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You can search the entire site. or go to the recent opinions, or the chronological or subject indices. Froines v. Valdez Fisheries Development Association, Inc. (01/18/2008) sp-6223
Notice: This opinion is subject to correction before publication in the Pacific Reporter. Readers are requested to bring errors to the attention of the Clerk of the Appellate Courts, 303 K Street, Anchorage, Alaska 99501, phone (907) 264-0608, fax (907) 264-0878, e-mail firstname.lastname@example.org. THE SUPREME COURT OF THE STATE OF ALASKA
|) Supreme Court No. S- 12137|
|) Superior Court No. 3VA-00-00080 CI|
|) O P I N I O N|
|DEVELOPMENT ASSOCIATION,||) No. 6223 January 18, 2008|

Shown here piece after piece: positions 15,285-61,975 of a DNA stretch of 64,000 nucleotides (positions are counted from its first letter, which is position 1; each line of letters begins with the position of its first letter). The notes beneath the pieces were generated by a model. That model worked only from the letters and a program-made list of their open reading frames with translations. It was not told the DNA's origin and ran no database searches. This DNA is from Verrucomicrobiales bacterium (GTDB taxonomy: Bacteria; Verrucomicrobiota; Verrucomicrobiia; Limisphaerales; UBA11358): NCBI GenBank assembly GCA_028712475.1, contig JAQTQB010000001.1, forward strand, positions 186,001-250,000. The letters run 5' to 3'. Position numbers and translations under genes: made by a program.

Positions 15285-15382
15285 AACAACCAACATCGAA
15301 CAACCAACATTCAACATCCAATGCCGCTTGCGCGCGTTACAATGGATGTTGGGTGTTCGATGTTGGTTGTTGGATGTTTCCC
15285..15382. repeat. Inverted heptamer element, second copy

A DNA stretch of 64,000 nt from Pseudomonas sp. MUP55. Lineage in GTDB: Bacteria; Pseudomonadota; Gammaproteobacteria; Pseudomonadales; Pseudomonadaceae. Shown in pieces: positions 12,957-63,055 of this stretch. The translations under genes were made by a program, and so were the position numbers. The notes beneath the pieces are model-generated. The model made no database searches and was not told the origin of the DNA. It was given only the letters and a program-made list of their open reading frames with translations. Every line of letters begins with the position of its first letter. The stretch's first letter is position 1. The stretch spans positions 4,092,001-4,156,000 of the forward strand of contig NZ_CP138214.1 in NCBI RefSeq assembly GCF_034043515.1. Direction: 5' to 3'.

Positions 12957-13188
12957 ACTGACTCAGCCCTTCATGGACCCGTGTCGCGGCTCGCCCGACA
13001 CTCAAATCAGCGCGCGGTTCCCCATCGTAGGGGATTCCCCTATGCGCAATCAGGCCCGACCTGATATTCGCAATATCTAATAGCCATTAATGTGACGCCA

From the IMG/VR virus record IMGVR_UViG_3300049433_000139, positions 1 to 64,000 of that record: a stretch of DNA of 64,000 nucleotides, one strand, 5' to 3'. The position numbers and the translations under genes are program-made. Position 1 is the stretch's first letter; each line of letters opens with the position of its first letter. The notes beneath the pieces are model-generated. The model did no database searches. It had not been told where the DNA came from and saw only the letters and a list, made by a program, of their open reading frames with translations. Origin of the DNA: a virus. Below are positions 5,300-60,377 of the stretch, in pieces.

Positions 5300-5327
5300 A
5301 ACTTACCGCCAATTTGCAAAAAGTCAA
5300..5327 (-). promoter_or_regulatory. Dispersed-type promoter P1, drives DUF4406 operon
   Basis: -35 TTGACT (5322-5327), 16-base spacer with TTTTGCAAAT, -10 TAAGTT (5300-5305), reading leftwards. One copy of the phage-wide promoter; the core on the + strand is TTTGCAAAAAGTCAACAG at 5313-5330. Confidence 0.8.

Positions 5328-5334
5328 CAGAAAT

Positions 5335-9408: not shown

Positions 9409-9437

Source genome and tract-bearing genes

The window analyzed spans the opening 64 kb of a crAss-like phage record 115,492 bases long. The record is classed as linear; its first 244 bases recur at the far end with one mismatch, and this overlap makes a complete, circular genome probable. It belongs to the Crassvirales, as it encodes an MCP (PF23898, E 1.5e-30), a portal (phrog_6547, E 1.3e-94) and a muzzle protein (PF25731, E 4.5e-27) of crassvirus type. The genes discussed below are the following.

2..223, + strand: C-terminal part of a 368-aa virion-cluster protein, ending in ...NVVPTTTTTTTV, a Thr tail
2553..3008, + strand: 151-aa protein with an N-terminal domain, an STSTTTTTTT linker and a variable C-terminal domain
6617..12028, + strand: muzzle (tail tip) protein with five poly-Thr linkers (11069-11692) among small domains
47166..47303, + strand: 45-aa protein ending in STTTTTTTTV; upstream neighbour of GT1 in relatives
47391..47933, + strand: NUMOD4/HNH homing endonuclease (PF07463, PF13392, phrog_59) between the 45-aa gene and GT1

Appeal from the Superior Court of the State of Alaska, Third Judicial District, Valdez, Joel H. Bolger, Judge. Appearances: Jeffrey J. Jarvi, Law Office of Michael Stehle, P.C., Anchorage, for Appellant. Stephen McAlpine, Law Offices of Stephen McAlpine, Anchorage, for Appellee. Before: Fabe, Chief Justice, Matthews, Eastaugh, and Carpeneti, Justices. [Bryner, Justice, not participating.] FABE, Chief Justice. EASTAUGH, Justice, dissenting. I. INTRODUCTION Chris Froines appeals the superior courts order limiting his award of Alaska Civil Rule 68 attorneys fees to $10,000. Because the factors relied upon by the superior court do not justify this limit, we reverse. II. FACTS AND PROCEEDINGS This appeal represents the second time that this case has come before us.1 We recount here only those facts and proceedings necessary to understand and resolve the current dispute. In 2000 Chris Froines, a commercial fisherman, filed suit against Valdez Fisheries Development Association (VFDA) for breach of contract. In 2001 the superior court granted summary judgment against Froines. Froines appealed and we reversed, holding that genuine issues of fact precluded summary judgment.2 On remand, Froines made an offer of judgment to VFDA in the amount of $15,000.00 inclusive of all costs, interest and attorneys fees. VFDA rejected the offer and the case proceeded to trial. Following a five-day trial in Valdez in August 2005, the jury awarded Froines $10,000. Taking into account prejudgment interest, fees, and costs, this award exceeded Froiness $15,000 offer of judgment by at least five percent. Consequently, in September, Froines filed a motion pursuant to Rule 68(b)(2)3 for fifty percent of his reasonable and actual attorneys fees incurred from the date of his offer of judgment through the end of proceedings in the trial court. In support of this motion, Froines filed itemized time sheets detailing the work performed and services provided by his counsel. At the time of this filing, Froines calculated his attorneys fees award under Rule 68(b)(2) to be $37,197.25. This total represented half of his attorneys regular hourly rates multiplied by the number of hours they worked. VFDA opposed Froiness motion and argued that Froines was generally not entitled to an award based upon his attorneys hourly rates or hours worked because his attorneys had actually worked on a contingent fee basis. It further argued that the requested award was neither actual nor reasonable. Froines responded about a week later, arguing that contingent fee arrangements have no effect on awards of attorneys fees under Rule 68 and that the requested award was reasonable. Froines also increased the amount he was seeking to $39,676.25 as a result of the additional time his lawyers had worked on the case since he had originally moved for attorneys fees. On October 14, 2005, the superior court entered an order granting Rule 68 attorneys fees. Analogizing to our case law regarding Rule 82, the superior court reasoned that awards of attorneys fees under Rule 68 must be based upon the reasonable value of the attorneys services, not what the client actually pays.4 Nonetheless, the superior court then went on to award Froines only $10,000 in attorneys fees because a full reasonable fee should not have exceeded $20,000. Although the superior court did not detail exactly how it arrived at this number, it noted several factors from Rule 1.5 of the Rules of Professional Conduct, including the lack of novelty of the issues, the moderate time and labor that should have been required, the modest probable recovery, the minimal verdict, the lack of any serious time limitations and the contingent nature of the fee. Froines now appeals. III. STANDARD OF REVIEW We review a trial courts fact-based determinations regarding whether attorneys fees are reasonable for an abuse of discretion.5 However, the proper interpretation of Alaska Civil Rule 68 is a question of law that we review de novo.6 IV. DISCUSSION On appeal, Froines claims that the superior courts order limiting Froiness reasonable attorneys fees was unjustified. In assessing the reasonable value of the services provided by Froiness attorneys, the superior court looked to Rule 1.5 of the Rules of Professional Conduct, which lists a number of factors relevant to determining the reasonableness of an attorneys fee. According to the superior court, [t]he most important [Rule 1.5] factors in this case include the lack of novelty of the issues, the moderate time and labor that should have been required, the modest probable recovery, the minimal verdict, the lack of any serious time limitations and the contingent nature of the fee. On the basis of these factors, the superior court concluded that a full reasonable fee in this case should not have exceeded $20,000. It therefore awarded Froines only $10,000 in attorneys fees. On appeal, Froines characterizes the superior courts award as arbitrary and insists that he should have been awarded the full $39,676.25 the amount produced by multiplying his attorneys regular hourly rates with the amount of hours they worked. VFDA disagrees and maintains that the superior court properly relied on Rule 1.5 to limit the award to a reasonable amount. Although we have previously relied upon Rule 1.5 factors to limit awards of Rule 82 attorneys fees,7 several of these factors lose their probative value in the context of Rule 68 attorneys fees. Unlike Rule 82, the purpose of Rule 68 is not merely to partially compensate a prevailing party8 for its reasonable expenses; rather, the purpose of Rule 68 is to encourage pretrial settlement so as to save both the litigants and the state from the time and expense of a trial.9 It works towards this purpose by subjecting litigants who reject pretrial offers of judgment to the risk of paying a percentage of their opponents attorneys fees. As we have previously explained: Offers of judgment force both the offeror and the offeree to evaluate the risks and costs of litigation, and to balance them against the likelihood of success upon trial on the merits. The penalties of Rule 68 raise the cost of litigation in the offerees risk- benefit analysis, thus making settlement more attractive. In the context of Rule 82, three of the Rule 1.5 factors noted by the superior court a lack of novel issues of law, a modest probable recovery, and a minimal verdict are probative only as to whether the prevailing party litigated its claim in an unreasonable manner, dedicating excessive time and money to a relatively simple or minor case. When considered in the context of Rule 82, these factors weigh in favor of reducing an award of attorneys fees. In the context of Rule 68, however, these factors cut both ways; although still probative as to whether the prevailing party litigated its claim unreasonably, these factors also tend to demonstrate that the case was particularly amenable to an offer of judgment. That a case involved no novel issues of law suggests that the parties should have been able to reasonably assess the merits of their claims and arrive at a settlement. That a case involved only a modest probable recovery suggests that the parties should have had the incentive to avoid the costs of trial. And that a case ultimately concluded with a minimal verdict only slightly higher than the prevailing partys offer of judgment suggests that the prevailing party made a reasonable offer that should have been accepted. Stated more simply, the fact that a case was relatively simple, involved relatively modest sums of money, and resulted in a relatively minor verdict is just as likely to be evidence of the losing partys unreasonableness in rejecting an offer of judgment as it is to be evidence of the prevailing partys unreasonableness in dedicating substantial resources to the case. Given that these three factors cut both ways in the context of Rule 68, the mere existence of these factors is not sufficient to limit a Rule 68 award and cannot, standing alone, justify such a limited award. We turn now to consider whether any of the other factors cited by the superior court can justify limiting Froiness attorneys fees. In addition to the three factors already discussed, the superior court also cited the lack of any serious time limitations, the contingent nature of Froiness fees, and the moderate amount of time and labor that the case should have required as factors militating in favor of limiting Froiness award. However, the lack of time limitations and the contingent nature of the attorneys fees have little relation to the reasonableness of Froiness attorneys fees. And although the moderate amount of time and labor required to litigate this case certainly is relevant to the reasonableness of Froiness attorneys fees, we are unable to determine if the superior court would have limited Froiness award so severely on this basis alone. Consequently, we remand this case to the superior court for recalculation of reasonable attorneys fees in light of this opinion.11 V. CONCLUSION For the reasons detailed above, we REVERSE the superior courts award of attorneys fees and REMAND for a recalculation in accordance with this decision. EASTAUGH, Justice, dissenting. Todays opinion erroneously prevents trial courts evaluating the reasonableness of a prevailing partys attorneys fees under Alaska Civil Rule 68 from considering the most relevant evidence. It consequently remands for a determination that cannot rationally be made without considering the now- precluded factors. It does so after confusing the two separate determinations the prevailing party determination and the reasonableness determination that Rule 68 requires of trial courts. Because the superior court committed no legal error and did not abuse its discretion in awarding attorneys fees to the appellant, I would affirm its award. I therefore respectfully dissent. The first question is whether the superior court committed any legal error in choosing to consider factors listed in Alaska Rule of Professional Conduct 1.5. Conduct Rule 1.5(a) states that a lawyers fee shall be reasonable. It sets out eight non-exclusive factors to be considered in determining the reasonableness of a fee: (1) the time and labor required, the novelty and difficulty of the questions involved, and the skill requisite to perform the legal service properly; (2) the likelihood that the acceptance of the particular employment will preclude other employment by the lawyer; (3) the fee customarily charged in the locality for similar legal services; (4) the amount involved and the results obtained; (5) the time limitations imposed by the client or by the circumstances; (6) the nature and length of the professional relationship with the client; (7) the experience, reputation, and ability of the lawyer or lawyers performing the services; and (8) whether the fee is fixed or contingent. The superior court, in looking to the pertinent factors listed in that rule, did so in reliance on what we said in Gamble v. Northstore Partnership,1 and cited Gamble in support. We explained in that case, in holding that full reasonable fees for an earlier appeal should not have exceeded $18,000, that we were considering the various components determining a reasonable fee expressed in Rule 1.5 of the Rules of Professional Conduct, most importantly the lack of novelty of the issues, the nature of the controversy, the result obtained, and the time and labor that should have been required.2 The superior court here paraphrased the considerations we said were relevant in Gamble and added these considerations: the modest probable recovery, the minimal verdict, the lack of any serious time limitations, and the contingent nature of the fee. All of these factors originated in Rule 1.5. The superior court therefore followed the methodology that we have approved in a comparable context in which the same issue was before the court: the reasonableness of incurred attorneys fees. Todays opinion, however, contends that awards under Civil Rule 68 raise different questions than awards under Civil Rule 82. It therefore implicitly distinguishes Gamble, which involved a Rule 82 award rather than a Rule 68 award.3 Todays opinion does so on the theory that the purpose of Rule 68, unlike that of Rule 82, is not merely to partially compensate the prevailing party, but to encourage pretrial settlement.4 It reasons that three of the Rule 1.5 factors relied on by the superior court lack of novel issues of law, modest probable recovery, and minimal verdict cut both ways.5 It thinks these three factors could suggest not only that the incurred fees might not have been reasonable, but also that the offeree acted unreasonably in rejecting an offer of judgment that proved to be successful.6 It therefore seems to conclude that these three factors do not apply under Rule 68; it holds that the superior court reversibly erred by relying on them.7 Before discussing the logical error, I want to discuss its consequences. Most significantly, it forecloses consideration of the three factors when trial courts are determining the reasonableness of the prevailing partys attorneys fees. Certainly these three factors are relevant to the reasonableness determination. Even as it holds that relying on them was error, the courts opinion acknowledges that they are relevant to the issue of reasonableness. Thus, the opinion states that these factors are still probative as to whether the prevailing party litigated its claim unreasonably.8 But these three factors are more than merely relevant; they are highly relevant. What could be more germane to the reasonableness of incurred fees than whether the dispute turned on established legal principles, would probably produce only a modest recovery, and indeed produced only a minimal recovery? That these factors are always highly relevant is confirmed by considering what happens as the issues become less obvious, the probable recovery becomes less modest, and the actual recovery increases. At what point on the sliding scale would this court again permit trial courts to consider these three factors? There is no rationally identifiable point, yet it is undeniable that the factors are highly, or even uniquely, relevant. The courts rationale for precluding consideration of the three factors is not that they are irrelevant, but that they are too relevant, i.e., that they are relevant not just to the reasonableness of the incurred fees, but also to the unreasonableness of the offeree in failing to accept the successful offer of judgment.9 The court assumes the inferences cancel out. But to the extent these three factors permit inferences on these two different issues, the inferences are much stronger on the topic of fee reasonableness than on the topic of offeree unreasonableness. Therefore, the detriment to the truth-finding process resulting from the inability to consider these factors when determining fee reasonableness far outweighs any possible benefit that might result from preventing unreasonable offerees from inappropriately limiting fee awards. In my view, the factors listed in Rule 1.5(a) are all potentially relevant, even when Rule 68 is involved. The reasonable-fee determination is inescapably fact specific. The trial court is invariably in the best position to determine globally the maximum fee that would have been reasonable; the factors help the court make that determination. Likewise, the trial court is in the best position to decide the extent to which the offerees litigation approach justified greater post-offer efforts by the offeror. And certainly it is capable of determining whether, for example, the lack of novelty of issues demonstrates that the offeror engaged in undue litigation efforts or demonstrates that the offeree was unreasonable. The superior court here had ample opportunity to make that determination and to draw its own assessment about the reasonableness of the fees and effort given the amount at stake.10 Now we return briefly to the public policy underlying the offer of judgment rule. The approach of the opinion today confuses the policy of encouraging settlement (and discouraging unreasonable litigation conduct) with the reasonable-fee determination. The settlement-encouragement policy is fully satisfied by the prevailing party determination. That determination turns only on whether the offeree beat the offer, a mathematical comparison that decides whether the offer exceeds the final verdict. It does not turn on a subjective assessment of whether the successful offer was reasonable and it does not decide that the offeree was unreasonable. Furthermore, that an offer of judgment is successful can be a matter of happenstance. Similar cases can result in dissimilar verdicts. The success of the offer should not foreclose trial courts from using the appropriate tools to assess the reasonableness of the offerors fees. That assessment can best be achieved by looking to the factors the superior court relied on here. Finally, the court remands, apparently so the superior court can recalculate reasonable attorneys fees by applying one factor: the moderate amount of time and labor that the case should have required.11 But it seems to me that in determining what amount of time and labor the case should have required, the superior court almost certainly should look at the three factors which this court now says cannot be considered. How can a court say what amount of time should have been required without looking at the novelty of the issues, the (modest) probable recovery, and the actual recovery? _______________________________ 1 Froines v. Valdez Fisheries Dev. Assn, Inc., 75 P.3d 83 (Alaska 2003). 2 Id. at 90. 3 Rule 68(b)(2) provides: (b) If the judgment finally rendered by the court is at least 5 percent less favorable to the offeree than the offer, . . . the offeree, whether the party making the claim or defending against the claim, shall pay all costs as allowed under the Civil Rules and shall pay reasonable actual attorneys fees incurred by the offeror from the date the offer was made as follows: . . . . (2) if the offer was served more than 60 days after the date established in the pretrial order for initial disclosures required by Civil Rule 26 but more than 90 days before the trial began, the offeree shall pay 50 percent of the offerors reasonable actual attorneys fees . . . . 4 United Servs. Auto. Assn v. Pruitt, 38 P.3d 528, 534 (Alaska 2001). We note that neither Froines nor VFDA appears to dispute this conclusion on appeal. 5 Marron v. Stromstad, 123 P.3d 992, 998 (Alaska 2005). 6 Cook Schuhmann & Groseclose, Inc. v. Brown & Root, Inc., 116 P.3d 592, 597 (Alaska 2005). 7 Gamble v. Northstore P-ship, 28 P.3d 286, 293 (Alaska 2001). 8 State v. Native Village of Nunapitchuk, 156 P.3d 389, 398 (Alaska 2007) (Rule 82s primary purpose is to partially compensate a prevailing party.). 9 Mapco Exp., Inc v. Faulk, 24 P.3d 531, 542-43 (Alaska 2001). 10 Mackie v. Chizmar, 965 P.2d 1202, 1205 (Alaska 1998) (internal quotations and citations omitted). 11 Because we remand this case, we need not address Froiness argument that his attorneys fees are reasonable. But we do note that just a trial lasting five full trial days, with an equal number of days for final trial preparation, could exceed 100 hours per attorney. It is difficult to reconcile the fact of a week-long trial with the trial courts conclusion that a full reasonable fee should not have exceeded $20,000. 1 Gamble v. Northstore Pship, 28 P.3d 286, 293 (Alaska 2001). 2 Id. 3 Slip Op. at 5. 4 Id. 5 Slip Op. at 6. 6 Id. 7 Although it does not expressly say so, the courts opinion apparently considers the three factors irrelevant for Rule 68 purposes, and, again without expressly saying so, apparently intends the superior court on remand to conduct its recalculation without regard to these three factors. Slip Op. at 6-7. The opinion also finds the contingent nature of the fee irrelevant. That factor is probably relevant because it implies the client has no practical interest in limiting or monitoring the hours the attorney is spending. 8 Slip Op. at 6. 9 Id. 10 Although the court reverses on the basis of what it characterizes as a legal error, it is hard to avoid thinking that the courts real objection is dissatisfaction with the trial courts finding that the reasonable fee should not have exceeded $20,000. Slip Op. at 7 n.11. Thus, this court thinks it is difficult to reconcile the week-long trial with the trial courts $20,000 finding. Id. Of course, the trial court may well have concluded that a week-long trial was unjustified, and that Froines was responsible for prolonging it. We owe deference to trial courts making such determinations. Nothing here makes it difficult to reconcile the trial length with the $20,000 finding. 11 Slip Op. at 7.